BLOG: INSIDE SCHIZOPHRENIA

How to Calm Anxiety and Live a Relaxed Life

Michael Hedrick
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May 04, 2017  | Last Updated: May 04, 2017

 

I wish I could say that there’s no anxiety in my life, that I feel perfectly in control of my situation and surroundings at all times, but that would be a lie. Having schizophrenia, I experience anxiety every day of life in some form or another. Whether it’s social anxiety when I have to talk to someone to order food or buy something or, God forbid, to actually get to know someone; or whether it’s anxiety about my situation and the things I have yet to do and the things I’ve done.

 

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Like it or not, anxiety is as much a part of life as jobs or relationships. I think it’s a disservice by gurus and the like to spout off about living a life free of anxiety when the fact is that anxiety is what makes us aware that we’re human. I’ve learned this fact the hard way.

The things to be careful of though, is unnecessary anxiety. Essentially this is the anxiety that doesn’t need to be there. You know it’s unreasonable, and yet you still struggle with it. Maybe it’s the result of some past trauma or an innate insecurity, but it still rears its ugly head at the most inconvenient times.

I’m well aware of this anxiety, and I live with it, but there are things I do which help to reign it in. First and foremost, I accept it; that’s how I calm anxiety. I look at the thing and the anxiety that I’m feeling and I tell myself that it’s perfectly valid to feel scared. That alone can be life-changing. When you allow yourself to feel the things normal human beings feel. I look at it and I say “this is a valid feeling, I accept this.”

Usually that helps take the fight out of it. For the longest I fought to get rid of it; I struggled so unnecessarily to stop it, and what I was missing the whole time was the fact that it’s normal to feel things. It’s ok to be scared and it’s ok to be nervous and being ok with these things is a huge weight of your shoulders. Being allowed to feel the full gamut of human emotion allows us to learn more deeply about ourselves and how we tend to react to certain situations.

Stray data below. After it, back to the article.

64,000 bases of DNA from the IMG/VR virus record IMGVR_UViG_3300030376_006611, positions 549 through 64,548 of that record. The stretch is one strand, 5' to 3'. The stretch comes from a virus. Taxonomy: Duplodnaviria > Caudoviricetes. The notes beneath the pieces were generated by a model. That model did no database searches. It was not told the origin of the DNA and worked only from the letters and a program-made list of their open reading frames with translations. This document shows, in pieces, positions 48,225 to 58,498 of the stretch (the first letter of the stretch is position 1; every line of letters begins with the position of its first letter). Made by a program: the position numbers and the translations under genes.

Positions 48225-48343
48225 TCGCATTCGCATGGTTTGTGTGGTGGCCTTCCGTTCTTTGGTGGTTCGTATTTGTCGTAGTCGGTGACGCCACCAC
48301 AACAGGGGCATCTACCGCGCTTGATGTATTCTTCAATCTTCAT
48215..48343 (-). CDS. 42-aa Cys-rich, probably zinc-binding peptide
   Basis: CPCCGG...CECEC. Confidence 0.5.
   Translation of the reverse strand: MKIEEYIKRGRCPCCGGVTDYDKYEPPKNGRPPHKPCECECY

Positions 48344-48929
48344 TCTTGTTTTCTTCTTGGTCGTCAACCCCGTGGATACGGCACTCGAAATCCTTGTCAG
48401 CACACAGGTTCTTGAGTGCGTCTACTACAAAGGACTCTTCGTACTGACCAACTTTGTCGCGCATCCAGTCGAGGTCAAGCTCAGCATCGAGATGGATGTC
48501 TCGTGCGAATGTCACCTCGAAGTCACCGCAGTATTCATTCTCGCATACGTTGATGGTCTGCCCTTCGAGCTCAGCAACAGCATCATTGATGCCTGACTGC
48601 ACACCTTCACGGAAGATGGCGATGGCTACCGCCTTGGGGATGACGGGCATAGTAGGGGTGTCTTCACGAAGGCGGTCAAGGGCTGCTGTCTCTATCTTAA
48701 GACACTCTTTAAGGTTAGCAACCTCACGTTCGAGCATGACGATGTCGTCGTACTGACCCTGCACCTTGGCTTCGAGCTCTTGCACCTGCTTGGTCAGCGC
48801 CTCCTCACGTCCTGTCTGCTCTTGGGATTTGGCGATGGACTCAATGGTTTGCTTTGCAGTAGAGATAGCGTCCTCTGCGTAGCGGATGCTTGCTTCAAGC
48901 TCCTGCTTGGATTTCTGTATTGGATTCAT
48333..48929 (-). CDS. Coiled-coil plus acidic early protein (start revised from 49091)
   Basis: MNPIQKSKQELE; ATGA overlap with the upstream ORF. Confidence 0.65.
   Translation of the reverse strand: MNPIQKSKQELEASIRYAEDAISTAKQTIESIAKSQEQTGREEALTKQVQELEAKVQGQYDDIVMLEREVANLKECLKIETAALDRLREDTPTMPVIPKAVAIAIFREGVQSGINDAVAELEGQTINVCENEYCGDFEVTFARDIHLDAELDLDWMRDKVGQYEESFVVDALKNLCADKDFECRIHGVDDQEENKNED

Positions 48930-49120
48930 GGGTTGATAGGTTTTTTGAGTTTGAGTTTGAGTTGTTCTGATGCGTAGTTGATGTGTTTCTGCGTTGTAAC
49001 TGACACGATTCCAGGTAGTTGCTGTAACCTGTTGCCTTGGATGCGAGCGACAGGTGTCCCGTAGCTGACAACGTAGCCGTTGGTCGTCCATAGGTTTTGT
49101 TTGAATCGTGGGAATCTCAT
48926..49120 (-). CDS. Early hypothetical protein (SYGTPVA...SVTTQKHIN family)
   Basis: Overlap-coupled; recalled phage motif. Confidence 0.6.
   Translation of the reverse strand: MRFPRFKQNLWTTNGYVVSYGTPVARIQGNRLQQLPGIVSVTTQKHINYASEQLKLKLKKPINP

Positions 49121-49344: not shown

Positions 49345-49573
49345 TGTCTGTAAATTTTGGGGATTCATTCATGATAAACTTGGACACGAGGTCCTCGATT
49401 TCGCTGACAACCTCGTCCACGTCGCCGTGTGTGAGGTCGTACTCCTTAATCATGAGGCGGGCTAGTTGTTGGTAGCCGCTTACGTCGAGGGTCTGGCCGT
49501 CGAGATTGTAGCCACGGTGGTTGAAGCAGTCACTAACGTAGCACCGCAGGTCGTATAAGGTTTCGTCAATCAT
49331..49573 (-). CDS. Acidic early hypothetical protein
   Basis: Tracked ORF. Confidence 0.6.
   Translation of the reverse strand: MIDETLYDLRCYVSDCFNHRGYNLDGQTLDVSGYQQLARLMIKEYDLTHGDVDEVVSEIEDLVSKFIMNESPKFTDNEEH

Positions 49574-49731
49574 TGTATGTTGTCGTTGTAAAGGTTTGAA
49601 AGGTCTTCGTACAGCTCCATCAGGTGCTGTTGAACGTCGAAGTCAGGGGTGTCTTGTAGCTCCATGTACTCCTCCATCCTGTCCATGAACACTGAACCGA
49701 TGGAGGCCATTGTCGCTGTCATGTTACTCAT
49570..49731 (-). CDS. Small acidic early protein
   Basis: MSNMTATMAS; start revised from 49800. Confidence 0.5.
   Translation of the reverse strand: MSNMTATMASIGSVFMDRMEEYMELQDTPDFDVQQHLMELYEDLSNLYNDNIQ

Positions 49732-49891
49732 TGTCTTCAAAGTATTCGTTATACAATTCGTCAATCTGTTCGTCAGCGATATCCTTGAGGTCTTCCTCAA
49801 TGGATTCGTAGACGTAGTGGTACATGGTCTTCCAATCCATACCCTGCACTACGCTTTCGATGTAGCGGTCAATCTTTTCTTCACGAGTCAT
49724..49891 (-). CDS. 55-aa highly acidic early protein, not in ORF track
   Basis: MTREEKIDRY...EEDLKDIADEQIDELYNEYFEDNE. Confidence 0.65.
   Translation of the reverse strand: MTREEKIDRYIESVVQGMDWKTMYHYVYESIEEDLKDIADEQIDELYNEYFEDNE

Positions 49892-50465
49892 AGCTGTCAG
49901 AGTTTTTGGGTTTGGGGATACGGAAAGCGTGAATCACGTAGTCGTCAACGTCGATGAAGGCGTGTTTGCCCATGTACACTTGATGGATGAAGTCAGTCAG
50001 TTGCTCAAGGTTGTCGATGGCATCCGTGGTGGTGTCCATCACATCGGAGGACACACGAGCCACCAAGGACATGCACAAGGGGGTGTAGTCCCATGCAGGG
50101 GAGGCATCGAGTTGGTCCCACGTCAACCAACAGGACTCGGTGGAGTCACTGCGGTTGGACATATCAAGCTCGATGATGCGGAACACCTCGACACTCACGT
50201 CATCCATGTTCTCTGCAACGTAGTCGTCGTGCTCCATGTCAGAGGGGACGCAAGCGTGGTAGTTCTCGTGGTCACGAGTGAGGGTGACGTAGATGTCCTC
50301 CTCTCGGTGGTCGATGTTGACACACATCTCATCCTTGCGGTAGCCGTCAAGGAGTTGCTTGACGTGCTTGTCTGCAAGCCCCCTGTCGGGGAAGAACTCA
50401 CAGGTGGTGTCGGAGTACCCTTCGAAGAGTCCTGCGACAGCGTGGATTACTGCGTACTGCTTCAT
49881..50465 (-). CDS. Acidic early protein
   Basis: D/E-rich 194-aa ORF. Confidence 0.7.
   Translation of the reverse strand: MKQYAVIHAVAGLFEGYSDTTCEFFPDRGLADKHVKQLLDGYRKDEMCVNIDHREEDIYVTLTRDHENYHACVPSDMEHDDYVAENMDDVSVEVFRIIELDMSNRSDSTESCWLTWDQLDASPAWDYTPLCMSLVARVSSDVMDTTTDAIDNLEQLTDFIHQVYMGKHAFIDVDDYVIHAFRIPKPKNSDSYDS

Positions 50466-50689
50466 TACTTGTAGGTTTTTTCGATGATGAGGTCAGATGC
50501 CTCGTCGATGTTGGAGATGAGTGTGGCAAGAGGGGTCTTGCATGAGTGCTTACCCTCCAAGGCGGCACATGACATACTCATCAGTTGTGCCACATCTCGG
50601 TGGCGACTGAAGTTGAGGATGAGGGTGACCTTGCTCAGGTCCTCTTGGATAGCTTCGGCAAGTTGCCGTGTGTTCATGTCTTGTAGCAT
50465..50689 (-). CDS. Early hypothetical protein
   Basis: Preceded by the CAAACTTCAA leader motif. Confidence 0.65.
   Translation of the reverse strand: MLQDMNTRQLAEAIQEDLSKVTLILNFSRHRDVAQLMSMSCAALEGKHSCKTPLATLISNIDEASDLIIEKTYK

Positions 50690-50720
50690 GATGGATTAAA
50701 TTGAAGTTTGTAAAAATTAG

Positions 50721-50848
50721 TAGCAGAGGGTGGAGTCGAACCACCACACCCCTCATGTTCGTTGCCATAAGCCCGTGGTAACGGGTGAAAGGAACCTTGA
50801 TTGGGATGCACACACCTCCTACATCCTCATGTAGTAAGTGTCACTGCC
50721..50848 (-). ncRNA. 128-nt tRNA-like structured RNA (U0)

That’s just the first step though. Next you have to decide for yourself that you don’t want to be ruled by the unreasonable anxiety. You have to say to yourself, I’m not going to be afraid anymore. Keep that phrase in mind whenever you enter a situation where your anxiety has the potential to flare up and, if you keep that thought in your mind, you’ll automatically take the steps necessary to quell the feeling of fear. You’ll breathe deeply, and you’ll calm yourself and relax your shoulders.

Essentially this is being prepared for a stressful situation. I imagine it’s the same mindset before playing in a big football game or going into a big interview. You’ll have prepared yourself for the stress, and you will be able to handle it better. It also serves to reinforce the idea that you don’t have to put on an act, which everybody can see through already. It means you’ll be fully there for the situation, and the hope is that once you’ve faced and confronted that fear, having been prepared for it, it will be easier to handle the next time something like that occurs.

The truth is, I’m not a doctor and I don’t know the clinical efficacy of either of these strategies aside from discussing them with my therapist, but they seem the best way I know how to calm anxiety.

 

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